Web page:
Last weekend, I drove up to Delano, in the Central Valley, to visit a neighbor in prison.
When I arrived, the guard told me I was dressed inappropriately and sent me out to change. If you know me, you will understand my shock. I think of myself as a modest person, and I had read the dress code. I thought I was following all the rules.
I put a sweater on over my dress to cover up my inappropriately bare arms, then went back in.
"Can you take that sweater off?" the guard asked me.
"I can," I said, "but I won't."
"Nope, you might take it off," the guard said. "You can't wear that."
He sent me out to try again. I left, wondering how could I convince him to trust me and why wouldn't he believe me.
This week, two people approached me separately about having their wages withheld.
One was working for a high-end public relations firm and the other was a day laborer from the corner of Placentia. Both are stuck in a hard place because they trusted that their employer would pay them the amount agreed upon for the work they did.
Were they foolish to have trusted the employers?
In our society, there have been some basic layers of trust. These have been in place for a long time and, some may say, are what keep us civilized.
Trust is a basic foundation for decency. In the faith tradition of which I'm familiar, principles of employment relationships, hospitality and money were laid out from the beginning.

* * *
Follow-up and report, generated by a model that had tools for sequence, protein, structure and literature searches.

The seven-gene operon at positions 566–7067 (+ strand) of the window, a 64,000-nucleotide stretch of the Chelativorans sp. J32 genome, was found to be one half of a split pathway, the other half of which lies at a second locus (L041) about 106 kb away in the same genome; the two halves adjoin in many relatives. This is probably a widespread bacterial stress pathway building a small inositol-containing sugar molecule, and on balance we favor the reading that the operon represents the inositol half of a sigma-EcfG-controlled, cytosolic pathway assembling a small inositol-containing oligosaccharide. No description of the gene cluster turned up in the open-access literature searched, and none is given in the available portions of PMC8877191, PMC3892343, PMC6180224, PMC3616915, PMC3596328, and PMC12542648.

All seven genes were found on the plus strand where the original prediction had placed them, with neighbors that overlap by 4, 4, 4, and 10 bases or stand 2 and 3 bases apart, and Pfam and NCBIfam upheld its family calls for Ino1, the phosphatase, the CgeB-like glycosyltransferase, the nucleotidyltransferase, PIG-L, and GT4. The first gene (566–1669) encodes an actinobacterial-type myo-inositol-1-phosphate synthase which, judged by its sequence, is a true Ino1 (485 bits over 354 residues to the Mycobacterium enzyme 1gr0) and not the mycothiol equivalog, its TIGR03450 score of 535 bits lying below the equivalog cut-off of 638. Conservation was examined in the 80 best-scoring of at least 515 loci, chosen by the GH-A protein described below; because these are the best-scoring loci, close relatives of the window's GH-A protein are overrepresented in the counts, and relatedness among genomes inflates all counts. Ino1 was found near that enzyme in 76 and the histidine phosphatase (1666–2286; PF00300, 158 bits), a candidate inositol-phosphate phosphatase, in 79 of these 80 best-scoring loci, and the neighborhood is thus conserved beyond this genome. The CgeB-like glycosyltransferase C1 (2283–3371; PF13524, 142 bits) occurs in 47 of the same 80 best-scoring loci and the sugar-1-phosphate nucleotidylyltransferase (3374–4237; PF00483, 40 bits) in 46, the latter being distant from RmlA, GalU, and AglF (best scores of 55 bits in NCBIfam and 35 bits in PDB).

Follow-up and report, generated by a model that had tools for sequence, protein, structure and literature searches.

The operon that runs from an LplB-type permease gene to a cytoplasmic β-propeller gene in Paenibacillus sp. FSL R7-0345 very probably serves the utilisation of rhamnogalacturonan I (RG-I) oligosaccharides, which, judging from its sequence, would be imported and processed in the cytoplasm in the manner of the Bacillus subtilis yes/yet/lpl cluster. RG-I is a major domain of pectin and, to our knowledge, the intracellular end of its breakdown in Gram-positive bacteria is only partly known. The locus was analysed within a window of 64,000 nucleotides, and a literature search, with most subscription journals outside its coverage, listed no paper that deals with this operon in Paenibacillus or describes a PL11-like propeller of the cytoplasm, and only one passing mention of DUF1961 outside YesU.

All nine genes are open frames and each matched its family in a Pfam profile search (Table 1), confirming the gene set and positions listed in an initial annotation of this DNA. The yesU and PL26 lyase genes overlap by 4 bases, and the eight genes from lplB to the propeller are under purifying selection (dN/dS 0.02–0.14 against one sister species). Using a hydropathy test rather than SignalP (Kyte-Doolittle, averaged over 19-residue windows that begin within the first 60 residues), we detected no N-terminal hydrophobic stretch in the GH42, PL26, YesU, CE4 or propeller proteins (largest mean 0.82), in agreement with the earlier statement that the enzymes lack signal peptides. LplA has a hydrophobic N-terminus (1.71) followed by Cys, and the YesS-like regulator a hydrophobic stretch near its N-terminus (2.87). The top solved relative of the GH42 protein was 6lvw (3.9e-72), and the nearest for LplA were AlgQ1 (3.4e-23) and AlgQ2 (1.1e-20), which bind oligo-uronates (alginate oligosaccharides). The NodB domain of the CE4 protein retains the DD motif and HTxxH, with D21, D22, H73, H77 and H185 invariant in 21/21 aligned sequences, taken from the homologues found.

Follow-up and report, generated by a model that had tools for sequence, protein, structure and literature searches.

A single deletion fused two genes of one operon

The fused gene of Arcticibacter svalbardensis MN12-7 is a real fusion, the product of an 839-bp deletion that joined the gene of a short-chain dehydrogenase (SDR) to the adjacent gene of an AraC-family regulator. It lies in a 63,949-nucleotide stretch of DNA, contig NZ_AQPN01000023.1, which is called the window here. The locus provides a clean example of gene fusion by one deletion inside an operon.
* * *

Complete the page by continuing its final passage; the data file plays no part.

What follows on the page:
The one I've been thinking about in the last 24 hours is, "If you hire a poor man to work for you, pay him that day."
There is trust built when we follow through on our agreements. We assume daily that we can trust certain things:
If you ask me to do a job for you, we agree on a payment. I do the job. You pay me.
If you get into my car, I drive carefully.
If you come to my home, I offer you hospitality.
If you are elected to represent the interests of my community, you look out for our safety and well-being.
These are some of the basics.
My desire was to highlight some great examples of trust in our community. I set out to hold up examples of trusting relationships that we can celebrate and replicate.
Quite frankly, I'm having a hard time finding anything. Time and time again I have run into distrusting relationships. Employees don't trust employers and vice versa.
Boards don't trust the organizational staff. Citizens don't trust their government. Teams don't trust their colleagues. Members don't trust their pastors. Anglos don't trust Latinos and vice versa. Neighbors don't trust their neighbors. It is unending.
As I reflect on whom I trust, I think of a fairly small circle of people who I know well and who know me well. I think of people who listen and show up. I think of wise, humble people.
How do we become those kinds of people? How do we build trust in our city? Does it matter?
Maybe building trust starts with taking the time to hear and getting to know one another. Maybe it takes letting down our guard enough to sit with the other for a minute.
I have to believe that there are examples of trust in our community. Where do you see it?
As I wrapped up this column I was despairing over our lack of trust. Right then a neighborhood kid showed up in my office. I hadn't seen him in about two years. He told me all about himself, catching me up on his life.
"Why would he disclose all of that?" I'm asking.
Because he trusts me. I knew it. I knew trust is out there. May you have the gift of trust today.
CRISSY BROOKS is co-founder and executive director of Mika Community Development Corp., a faith-based nonprofit in Costa Mesa, where she lives.